Ford v Ferrari-2019

Ford v Ferrari-2019

Director-James Mangold

Starring-Matt Damon, Christian Bale

Scott’s Review #1,041

Reviewed July 18, 2020

Grade: B-

Ford v Ferrari (2019) is a film based on a real-life situation in the world of race car driving featuring two of Hollywood’s most recognizable leading men, Matt Damon and Christian Bale. Co-leads, they share equal screen time and independent story lines that merge together nicely. Bale gives the better performance and is the best part of an otherwise mediocre film. The rest is quite formulaic and traditional in plot and film making sensibilities. Receiving several Academy Award nominations, I expected more from the experience. Granted, car racing isn’t the subject I’m most intrigued by.

Carroll Shelby (Damon) is an American car designer and entrepreneur, who is hired by the Ford motor company to build a car that will beat the Italian owned Ferrari after a feud erupts between the two owners. Shelby is tasked with building the car to debut at the upcoming 1966 24 Hours of Le Mans car race in France. Rebellious race car driver, Ken Miles (Bale) who has no fear, is chosen to drive the new car. He and his wife have money troubles and need the pay day.

Director, James Mangold, certainly adds his share of pomp and circumstance clearly making this a testosterone fueled guy’s film. Traditional styles ensue as the climactic race fills the last act of the way too long production. There is a story of loyalty and brotherhood between Carroll and Ken that feels forced and dated. Ford v Ferrari is formulaic to a tee with a clear modus operandi of providing entertainment and action.

The pieces are all in play. The Ford corporation is pissed at being tricked in a deal by a foreign country (Italy). They vow revenge with a big boy American car that can defeat the foreign car. There is a climactic finish with the American car the clear victor. But first, there are hurdles to face to increase the tension and drama. Ken’s driver door malfunctions causing him to have to gain laps to catch up to Ferrari. Ford is written as the underdog which is a tough sell.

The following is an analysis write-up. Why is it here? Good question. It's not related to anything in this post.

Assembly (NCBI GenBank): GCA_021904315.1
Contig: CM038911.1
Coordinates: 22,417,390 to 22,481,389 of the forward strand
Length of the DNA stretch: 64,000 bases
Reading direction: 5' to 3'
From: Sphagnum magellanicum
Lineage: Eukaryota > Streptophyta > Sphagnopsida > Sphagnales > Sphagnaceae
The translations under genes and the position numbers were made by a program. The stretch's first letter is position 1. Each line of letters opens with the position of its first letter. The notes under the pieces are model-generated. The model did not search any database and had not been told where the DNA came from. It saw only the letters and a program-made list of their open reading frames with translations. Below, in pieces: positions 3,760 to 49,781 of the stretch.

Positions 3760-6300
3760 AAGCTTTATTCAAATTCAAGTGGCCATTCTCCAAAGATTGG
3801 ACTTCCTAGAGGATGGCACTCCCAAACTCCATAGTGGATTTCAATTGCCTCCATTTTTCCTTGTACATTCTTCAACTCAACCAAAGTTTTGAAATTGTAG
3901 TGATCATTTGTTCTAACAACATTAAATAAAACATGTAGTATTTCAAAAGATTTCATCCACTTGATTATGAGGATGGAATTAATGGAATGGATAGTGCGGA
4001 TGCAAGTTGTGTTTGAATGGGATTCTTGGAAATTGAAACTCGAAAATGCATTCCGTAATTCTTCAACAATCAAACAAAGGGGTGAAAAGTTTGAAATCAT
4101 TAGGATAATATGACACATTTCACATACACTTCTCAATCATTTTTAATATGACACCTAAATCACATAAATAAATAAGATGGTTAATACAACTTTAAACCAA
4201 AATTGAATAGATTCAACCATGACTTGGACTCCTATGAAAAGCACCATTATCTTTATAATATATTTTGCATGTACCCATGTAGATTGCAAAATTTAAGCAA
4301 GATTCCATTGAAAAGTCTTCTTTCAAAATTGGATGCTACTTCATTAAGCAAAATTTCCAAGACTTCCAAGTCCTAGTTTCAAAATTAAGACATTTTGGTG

Since the real-life events took place during the Cold War, Mangold spins a definitive Americana, good old boys’ creation that feels too patriotic to be genuine. So many other films have a similar vibe- Apollo 13 (1995), The Martian (2015), and especially the similar themed Rush (2013). The Ford guys, though cagey and gruff, are meant to be the characters the audience roots for and the Italian characters are not. And is there really a need to still show the cliched scene of a dedicated wife obediently watching television at home and cheering on her husband as he races?

The gripes are not to say the film is a bad experience- it’s not. It’s just that it’s on par with good Mexican takeout from your favorite restaurant. You know exactly what you are going to get and there is some comfort and satisfaction in that. Ford v Ferrari is an easy watch and one can sink into his or her lazy-boy and enjoy the revving engines, squealing tires, and smoking mufflers. The film is machismo at its finest. Think a better version of The Fast and the Furious (2001-present) franchise.

Let’s talk Oscar nominations. There is no way Ford v Ferrari should have received a Best Picture nomination. Either Us (2019), Hustlers (2019), or A Beautiful Day in the Neighborhood (2019) could have deservedly taken its spot. Warranted are nominations for Film Editing, Sound Editing and Sound Mixing in which it won the first two. More realistic is for Christian Bale to have been awarded a Best Supporting Actor nomination, which he did not receive. Sometimes the Academy gets it right, sometimes they don’t.

Being a non-race car driving aficionado might have hindered my enjoyment of the film over a more passionate viewer. For those seeking a standard rev ’em up, male driven race car film, kick up your heels and enjoy the ride- you’ll love it. Ford v Ferrari (2019) will only marginally please those seeking deeper meaning in film or film as art. The film will certainly be remembered as one as mainstream and Hollywood produced as humanly possible.

Oscar Nominations: Best Picture, Best Sound Editing (won), Best Sound Mixing, Best Film Editing (won)

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